My husband is an aspiring Samoan fire knife dancer.
He learned the art of dancing with a spinning, flaming blade from an old Hawaaiian priest when they were together in a monastery in California. Over the past couple years his knives became a bit shaky, which is terrifying when you are relying on them to whirl smoothly around your body in a hiss and rush of flame. After searching for a year or so, he found a Polynesian performing family here in Pittsburgh. The whole family performs together in a three generation spectacular show featuring dance forms from all over the Polynesian Islands from hula to fire knives. Casey contacted Tuika, the patriarch of the family, and commissioned him to make him a new fire knife. Tuika designed and created an incredible knife, and also invited us to a full Polynesian style barbeque at his ranch house somewhat incongrously and very adventurously located in the hills of Pittsburgh, Pennsylvania. The barbeque was lively, full of wild haired beauiful people of all ages,a nd with elaborate platters of ham and pineapple and taro root set up in the studio where Tuika creates fireknives and presumably rehearses the songs and dances that make up his travelling show. I have been wanting to try taro root since I read James Michenor’s Hawaii, so for that reason alone I was thrilled to attend the barbeque.
It is a great gift to be able to spend time with people from distinctly different cultures, and I am so grateful that we are able to make connections and friends from all over the world. Growing up in rural Wisconsin, we were lucky to have a great connection with the Hmong community from Laos. My Dad sponsored one family, and sold chickens to the community at large. Traditionally, the food provider is invited to the feast, so I have vivid memories of attending parties with platters of food in vivid colors- plates of raw meat and intensely spicy fish sauce, totally foreign to my farm raised Wisconsin tongue. I particularly remember Dad standing a head and a half above the shoulders of the rest of the crowd. I am grateful to be married to a man who also possesses a wide variety of passionate interests and the ability to reach out and connect with interesting people and events.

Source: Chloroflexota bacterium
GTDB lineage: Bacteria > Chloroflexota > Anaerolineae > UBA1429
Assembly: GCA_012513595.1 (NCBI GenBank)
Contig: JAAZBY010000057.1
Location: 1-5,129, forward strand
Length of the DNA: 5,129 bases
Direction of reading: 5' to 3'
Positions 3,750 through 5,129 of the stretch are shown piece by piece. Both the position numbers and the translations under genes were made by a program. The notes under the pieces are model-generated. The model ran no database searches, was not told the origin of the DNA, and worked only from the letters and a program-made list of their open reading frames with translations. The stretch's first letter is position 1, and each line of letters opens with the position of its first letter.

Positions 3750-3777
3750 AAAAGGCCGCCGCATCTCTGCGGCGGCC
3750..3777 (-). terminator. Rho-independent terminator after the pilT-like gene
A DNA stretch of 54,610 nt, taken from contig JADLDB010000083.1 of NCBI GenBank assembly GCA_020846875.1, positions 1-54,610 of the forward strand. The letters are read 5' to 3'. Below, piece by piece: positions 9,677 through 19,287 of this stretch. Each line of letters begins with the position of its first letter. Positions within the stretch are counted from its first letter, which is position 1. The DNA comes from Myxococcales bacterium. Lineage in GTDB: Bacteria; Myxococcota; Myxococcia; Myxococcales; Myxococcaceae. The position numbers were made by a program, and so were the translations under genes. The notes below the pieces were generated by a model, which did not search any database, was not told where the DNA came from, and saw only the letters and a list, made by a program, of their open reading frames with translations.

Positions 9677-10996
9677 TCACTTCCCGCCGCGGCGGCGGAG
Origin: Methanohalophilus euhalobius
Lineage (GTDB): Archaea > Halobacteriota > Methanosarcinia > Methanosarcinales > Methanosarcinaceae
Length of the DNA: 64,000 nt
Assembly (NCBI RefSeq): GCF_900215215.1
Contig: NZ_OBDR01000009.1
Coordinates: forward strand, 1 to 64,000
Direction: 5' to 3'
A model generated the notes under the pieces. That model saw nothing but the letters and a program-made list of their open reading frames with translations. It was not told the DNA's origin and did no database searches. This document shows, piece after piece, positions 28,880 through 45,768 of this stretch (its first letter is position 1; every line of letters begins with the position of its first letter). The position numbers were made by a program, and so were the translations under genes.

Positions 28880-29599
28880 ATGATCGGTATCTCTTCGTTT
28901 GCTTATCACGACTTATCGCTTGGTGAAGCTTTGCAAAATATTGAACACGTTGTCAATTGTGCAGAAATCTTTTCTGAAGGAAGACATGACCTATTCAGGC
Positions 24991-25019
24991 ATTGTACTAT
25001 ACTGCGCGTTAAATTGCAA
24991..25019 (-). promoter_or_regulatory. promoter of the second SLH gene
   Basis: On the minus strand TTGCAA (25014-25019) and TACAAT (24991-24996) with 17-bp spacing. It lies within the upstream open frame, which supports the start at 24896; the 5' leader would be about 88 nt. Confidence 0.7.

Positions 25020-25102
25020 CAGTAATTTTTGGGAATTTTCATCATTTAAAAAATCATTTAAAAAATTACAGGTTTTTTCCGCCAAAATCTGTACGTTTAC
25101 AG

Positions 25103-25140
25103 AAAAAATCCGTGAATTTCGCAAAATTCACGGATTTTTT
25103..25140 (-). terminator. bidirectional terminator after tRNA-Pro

This past weekend we attended the South Side Works Festival, where Tuika and his family were setting up to perform their show.
The South Side Works used to be a steel mill- in fact, at one point it was part of the second largest steep producer in the US. In the mid 1980’s the mill was driven out of business by cheap foreign imports, high labor costs, and outdated equipment. These days, after a great deal of public private wheeling and dealing and some serious environmental cleanup, the former mill is the site of a massive multi-million dollar office/retail/condo/entertainment complex in the New Urban style.
There is a massive sports medicine complex with Steelers slipping in and out surrepticiously, American Eagle worldwide headquarters, wide walkeable streets full of chic boutiques and glossy chain restaurants. At night the streets are packed with men in striped pink shirts and women with stick straight blowouts and high heels. If you are dating and in Pittsburgh (and not too intensely hipstery) it is highly likely that you will find yourself at the South Side Works. Perhaps you would like to see a movie? Or just contemplate the transition of shining steel in the life of Pittsburgh.
We were there to see the Polynesians, but it was a blazingly hot day for a festival, and first we needed to cool off. What new urban development is complete without a gelato shop?
After the Italian ice cream, we headed for the spray park fountain in the middle of the square.
Olympia was a bit dubious about the rushing jets of water at first…
But quickly transitioned into a state of wild glee.
We dried the baby off in the last fierce rays of the sun, and as the light began to fade the Polynesian Show began. There were huge drums.
There were grass skirts of exorbitant size, feather headdress, and coconut shell costumes.
I loved the huge bright flowers in the costuming.
The finale of the show was the Samoan fire knife dancing. Tuika is a great showman.
He says he is semi-retired, now that he is in his 50’s.
I say it looks like firedancing up until your 50’s has a pretty beneficial effect. I plan on heavily encouraging Casey to start working with his fireknife again. Then I will learn to play the drums and we will train our children and put a show on the road. Between bellydance and firedancing and musical instruments and maybe some acrobatics here and there I figure we have quite a potential future as a travelling show.